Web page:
On Nicholas Carr's "The Shallows: What the Internet Is Doing to Our Brains"

So in between dressing up stuffed animal rabbits as Rapunzel and noticing that leopard-skin tights, boots, and earmuffs seem to be popular among mallrats, I’m reading Nicholas Carr’s The Shallows: What the Internet Is Doing to Our Brains (2010). It’s complex, not simply “the internet is bad” or anything that reductive. He gives a reasonable and well-balanced discussion of how internet usage (and ebooks, I would also argue) are changing the way we read and think, and that while there are some who argue the effects are largely beneficial, he does focus on the difficulty of being immersed in a long text, after being accustomed to the shorter bites of information on the internet. The Shallows was a finalist for the Pulitzer, and that seems a well-deserved honor. He begins with a discussion of Marshall McLuhan, hugely influential in the 1960s, now a bit of a cultural relic, but who makes some good points about the technological innovations and changes: “What both enthusiast and skeptic miss is what McLuhan saw: that in th elong run a medium’s content matters less than the medium itself in influencing how we think and act. As our window onto the world, and onto ourselves, a popular medium molds what we see and how we see it—and eventually, if we use it enough, it changes who we are, as individuals and as a society. ‘The effects of technology do no occur at the level of opinions or concepts,’ wrote McLuhan. Rather, they alter ‘patterns of perception steadily and without any resistance.’ The showman exaggerates to make his point, but the point stands. Media work their magic, or their mischief, on the nervous system itself.”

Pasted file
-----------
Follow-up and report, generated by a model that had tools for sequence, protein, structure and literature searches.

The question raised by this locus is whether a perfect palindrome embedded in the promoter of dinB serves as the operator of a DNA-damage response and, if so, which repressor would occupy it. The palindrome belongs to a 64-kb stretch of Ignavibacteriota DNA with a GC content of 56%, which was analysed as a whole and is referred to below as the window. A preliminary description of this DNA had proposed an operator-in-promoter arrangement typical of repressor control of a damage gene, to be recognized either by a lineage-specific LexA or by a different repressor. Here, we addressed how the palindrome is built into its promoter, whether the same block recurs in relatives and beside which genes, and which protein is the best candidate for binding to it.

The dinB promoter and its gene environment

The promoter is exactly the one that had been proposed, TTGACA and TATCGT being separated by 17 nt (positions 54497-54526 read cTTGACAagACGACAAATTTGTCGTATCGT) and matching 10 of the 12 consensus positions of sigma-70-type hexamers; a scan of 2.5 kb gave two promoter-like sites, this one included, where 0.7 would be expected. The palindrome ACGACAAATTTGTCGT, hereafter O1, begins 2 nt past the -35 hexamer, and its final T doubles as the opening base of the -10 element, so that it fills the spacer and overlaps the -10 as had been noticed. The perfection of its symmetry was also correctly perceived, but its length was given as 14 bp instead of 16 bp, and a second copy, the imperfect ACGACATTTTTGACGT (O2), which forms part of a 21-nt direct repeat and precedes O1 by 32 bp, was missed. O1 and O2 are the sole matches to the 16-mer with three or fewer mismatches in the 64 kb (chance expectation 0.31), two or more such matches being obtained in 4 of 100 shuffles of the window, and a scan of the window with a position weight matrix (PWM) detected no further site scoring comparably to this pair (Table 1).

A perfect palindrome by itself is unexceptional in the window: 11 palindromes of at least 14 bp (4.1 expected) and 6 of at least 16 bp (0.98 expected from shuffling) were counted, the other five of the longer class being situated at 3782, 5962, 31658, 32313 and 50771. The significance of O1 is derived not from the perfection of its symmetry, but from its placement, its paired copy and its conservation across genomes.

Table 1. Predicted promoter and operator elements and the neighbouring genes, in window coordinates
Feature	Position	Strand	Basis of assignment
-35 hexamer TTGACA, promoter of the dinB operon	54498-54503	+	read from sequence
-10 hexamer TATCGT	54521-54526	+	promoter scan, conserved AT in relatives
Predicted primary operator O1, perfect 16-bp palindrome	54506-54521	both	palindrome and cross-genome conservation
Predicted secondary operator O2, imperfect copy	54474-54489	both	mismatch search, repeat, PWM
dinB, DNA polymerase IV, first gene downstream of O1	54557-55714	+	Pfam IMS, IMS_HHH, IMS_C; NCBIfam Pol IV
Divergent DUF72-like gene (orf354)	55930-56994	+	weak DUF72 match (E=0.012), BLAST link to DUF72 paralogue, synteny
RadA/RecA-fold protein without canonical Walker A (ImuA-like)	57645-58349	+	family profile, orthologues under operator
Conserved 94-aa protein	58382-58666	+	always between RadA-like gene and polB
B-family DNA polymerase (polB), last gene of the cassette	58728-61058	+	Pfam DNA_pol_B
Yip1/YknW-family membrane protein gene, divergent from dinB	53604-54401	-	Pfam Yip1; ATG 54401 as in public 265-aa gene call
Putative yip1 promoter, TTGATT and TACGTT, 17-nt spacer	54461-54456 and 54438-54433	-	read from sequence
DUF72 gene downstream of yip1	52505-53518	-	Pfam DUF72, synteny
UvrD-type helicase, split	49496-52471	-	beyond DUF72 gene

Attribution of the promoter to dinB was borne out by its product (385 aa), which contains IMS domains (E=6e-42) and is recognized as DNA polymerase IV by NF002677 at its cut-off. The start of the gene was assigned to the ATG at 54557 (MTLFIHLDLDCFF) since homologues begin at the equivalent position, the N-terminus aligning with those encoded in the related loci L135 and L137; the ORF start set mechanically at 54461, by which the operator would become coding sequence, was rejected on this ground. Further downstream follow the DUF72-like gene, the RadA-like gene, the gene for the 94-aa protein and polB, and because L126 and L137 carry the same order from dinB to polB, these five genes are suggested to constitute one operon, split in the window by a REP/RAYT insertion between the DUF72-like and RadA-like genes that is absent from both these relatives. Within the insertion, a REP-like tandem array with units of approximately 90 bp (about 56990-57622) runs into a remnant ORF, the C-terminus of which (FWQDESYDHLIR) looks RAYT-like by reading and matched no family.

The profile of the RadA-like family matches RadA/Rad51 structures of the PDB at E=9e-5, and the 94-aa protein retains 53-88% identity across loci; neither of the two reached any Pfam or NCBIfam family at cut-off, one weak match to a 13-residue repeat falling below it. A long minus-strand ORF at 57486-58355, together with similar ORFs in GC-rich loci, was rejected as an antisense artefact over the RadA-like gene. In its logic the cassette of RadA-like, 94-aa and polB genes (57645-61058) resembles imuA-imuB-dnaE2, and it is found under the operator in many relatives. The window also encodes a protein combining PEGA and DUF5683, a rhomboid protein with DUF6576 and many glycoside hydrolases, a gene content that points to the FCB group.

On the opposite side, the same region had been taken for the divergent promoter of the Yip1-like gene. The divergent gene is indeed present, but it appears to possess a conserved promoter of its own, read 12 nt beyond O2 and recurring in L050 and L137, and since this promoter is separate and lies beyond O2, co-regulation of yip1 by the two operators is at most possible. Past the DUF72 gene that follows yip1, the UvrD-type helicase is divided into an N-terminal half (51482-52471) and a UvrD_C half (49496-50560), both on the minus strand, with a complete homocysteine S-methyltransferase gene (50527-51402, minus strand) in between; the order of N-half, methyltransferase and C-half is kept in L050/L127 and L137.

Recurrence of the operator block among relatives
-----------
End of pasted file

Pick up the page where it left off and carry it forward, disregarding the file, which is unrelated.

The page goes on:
At one point Carr admits to having less and less patience for longer books, and for longer periods of reading in one text, skipping around a lot, intellectual multitasking, to some extent. If that’s a crime, I’m guilty too. And I agree there are great benefits to internet-based reading and learning, but drawbacks as well. Two examples I can cite from my own experience: The origin of the Magna Carta (signed in 1215) and the Gutenberg Bible (printed in 1450-51, it’s believed) are a couple topics I’ve looked up recently, that stick in my head. Add those bits of information to the snowball of information we see in any day, and it would be easy to argue that we’re gaining much for what we lose. I’m not so sure. I asked my students in a senior course some basic questions about history, and, for example, few of them could name the dates of the Civil War. Is that important? I’d say yes. But as Carr notes, there’s no going back.

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